A Hidden Life

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Auteur director Terrence Malick commemorates the life of Austrian farmer Franz Jägerstätter who, when called up for his second round of military service during the Second World War, refused to pledge allegiance to Hitler.

The film is a meditative hymn to commemorate Franz and the life he has with his wife, Franziska, and their young children on their farm in a stunning mountainous valley; a world away from the brutalities of the Nazi war machine.

The beauty of this film is singular (to call it spectacularly shot would be an understatement) but its beauty does not provide the narrative tension required to carry a film of its length.

You spend a lot of time with our protagonists in the first half of the film as they work their land: harvest, sow, walk animals and grind their grain. Malick is clearly fascinated with their labour; the relationship between the farmers and the world they toil on.

This closed and idyllic world seems only to extend to the valley where they live and perhaps stretch to the small village close to where the farm is located. The length of the camera shots forces the audience to meditate (something that Malick has been asking of his audiences his whole career, from Badlands to The Tree of Life) in a specific moment in space and time, for example in the repetitive swing of a sickle or fingers rooting through the dirt or in loaded glances.

These are the strongest parts of the film, in fact, they completely root you in the moment. The commitment to sensuality is strengthened by the performances of August Diehl and Valerie Pachner as our farmers. Their relationship is very moving; the screenplay is spare in dialogue but their natural way of relating to each other physically speaks volumes.

While we are being grounded in the timeless rhythms of a life that farmers and peasants have been living for hundreds of years, the horrors of Nazi expansion which are about to encroach on that life are brought to the audience’s mind via snippets of original footage of Nazi rallies. The contrast is obvious to the senses; the brutal machinations of war and politics being alien to the flow of agricultural and family life.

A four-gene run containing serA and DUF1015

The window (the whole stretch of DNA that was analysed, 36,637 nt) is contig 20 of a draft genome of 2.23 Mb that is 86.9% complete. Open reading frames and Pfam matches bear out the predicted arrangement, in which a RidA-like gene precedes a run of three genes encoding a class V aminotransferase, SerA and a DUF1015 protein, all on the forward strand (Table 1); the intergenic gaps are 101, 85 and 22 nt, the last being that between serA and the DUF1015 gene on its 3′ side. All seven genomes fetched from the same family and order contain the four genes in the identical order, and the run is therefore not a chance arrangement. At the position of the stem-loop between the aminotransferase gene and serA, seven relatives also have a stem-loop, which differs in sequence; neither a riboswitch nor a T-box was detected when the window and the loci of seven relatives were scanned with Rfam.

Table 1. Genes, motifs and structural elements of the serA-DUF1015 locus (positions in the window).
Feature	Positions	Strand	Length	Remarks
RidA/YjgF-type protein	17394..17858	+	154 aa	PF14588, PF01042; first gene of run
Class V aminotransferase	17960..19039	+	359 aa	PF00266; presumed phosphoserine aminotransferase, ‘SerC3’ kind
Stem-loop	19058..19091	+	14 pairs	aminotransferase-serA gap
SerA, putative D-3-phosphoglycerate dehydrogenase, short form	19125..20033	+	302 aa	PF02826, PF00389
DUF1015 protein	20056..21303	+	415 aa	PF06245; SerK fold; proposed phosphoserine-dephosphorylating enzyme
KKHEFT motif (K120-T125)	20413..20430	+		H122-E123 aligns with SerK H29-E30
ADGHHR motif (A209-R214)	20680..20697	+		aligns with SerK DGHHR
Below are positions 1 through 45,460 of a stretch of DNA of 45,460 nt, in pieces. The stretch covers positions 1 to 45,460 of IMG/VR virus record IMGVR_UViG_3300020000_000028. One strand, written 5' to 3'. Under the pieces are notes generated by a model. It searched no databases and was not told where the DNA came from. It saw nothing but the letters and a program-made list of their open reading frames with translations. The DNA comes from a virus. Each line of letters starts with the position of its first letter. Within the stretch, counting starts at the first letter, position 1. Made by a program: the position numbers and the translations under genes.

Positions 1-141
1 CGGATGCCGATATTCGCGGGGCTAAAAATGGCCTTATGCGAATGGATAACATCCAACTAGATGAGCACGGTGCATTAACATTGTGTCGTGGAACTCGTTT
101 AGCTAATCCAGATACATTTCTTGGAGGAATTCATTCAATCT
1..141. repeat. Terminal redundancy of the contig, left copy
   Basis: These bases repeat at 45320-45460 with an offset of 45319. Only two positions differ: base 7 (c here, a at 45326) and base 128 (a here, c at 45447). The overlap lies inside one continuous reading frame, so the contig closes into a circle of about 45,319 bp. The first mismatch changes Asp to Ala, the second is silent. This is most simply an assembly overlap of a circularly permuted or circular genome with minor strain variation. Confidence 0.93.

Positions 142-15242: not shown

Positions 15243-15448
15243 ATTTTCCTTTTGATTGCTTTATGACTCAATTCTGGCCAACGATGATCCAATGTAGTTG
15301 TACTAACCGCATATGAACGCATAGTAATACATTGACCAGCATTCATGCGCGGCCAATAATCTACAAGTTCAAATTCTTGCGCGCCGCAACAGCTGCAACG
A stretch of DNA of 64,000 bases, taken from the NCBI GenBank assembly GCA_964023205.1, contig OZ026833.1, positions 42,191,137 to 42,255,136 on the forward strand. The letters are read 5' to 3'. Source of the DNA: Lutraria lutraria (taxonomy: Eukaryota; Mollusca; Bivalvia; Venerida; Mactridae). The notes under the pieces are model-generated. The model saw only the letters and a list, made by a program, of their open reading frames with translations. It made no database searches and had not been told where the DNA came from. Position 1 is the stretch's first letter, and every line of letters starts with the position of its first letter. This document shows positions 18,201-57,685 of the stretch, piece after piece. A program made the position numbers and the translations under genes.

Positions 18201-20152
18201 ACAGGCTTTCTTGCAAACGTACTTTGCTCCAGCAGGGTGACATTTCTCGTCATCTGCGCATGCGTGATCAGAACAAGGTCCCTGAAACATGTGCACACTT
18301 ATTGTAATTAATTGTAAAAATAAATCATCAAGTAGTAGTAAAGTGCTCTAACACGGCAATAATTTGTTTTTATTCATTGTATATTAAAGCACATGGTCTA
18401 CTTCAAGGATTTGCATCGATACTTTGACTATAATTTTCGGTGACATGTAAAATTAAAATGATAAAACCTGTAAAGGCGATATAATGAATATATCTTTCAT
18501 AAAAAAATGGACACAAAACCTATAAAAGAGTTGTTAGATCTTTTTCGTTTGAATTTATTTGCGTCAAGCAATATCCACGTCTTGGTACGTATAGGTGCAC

When the protagonists are in settings like prison, training yards, offices, their obvious physical and spiritual discomfort makes them seem like they’re visiting an alien planet. The contrast is less obvious politically as Franz, our conscientious objector, never seems to gain a political identity.

The film relies on photography, body language and music and rejects dialogue with any tension. The only antagonist that we get to know is the town’s Mayor, played comically by Karl Markovics, but his ignorance and loutishness only serves to provide the contrast for Franz’s brooding. There is no tension between the characters; the director chooses only to focus on the agony of Franz via close shots of him listening and looking troubled.

The wider politics are only hinted at with short snippets of conversations where Hitler is referred to as the “anti-christ” “plundering villages” and so on; the horrors of the war and the Holocaust live in the consciousness of the audience but are never made explicit in the film.

As the film fails to build any narrative interest it is seriously overlong; at 170 minutes you could easily lose over an hour without losing any plot points. The characters never change or develop in any real way; they are simply a tragic collateral as their “hidden life” is upended. The good will that’s generated in the ecstatic and sensual beauty of the first half wears very thin towards the end.

It would have been interesting to see or hear any of the ripples that Franz’s sacrifice had on anyone he came into contact with during his imprisonment and trial, but Malick is only interested in the inner life of the protagonists and not the larger picture — what effects the actions had on the rest of the world.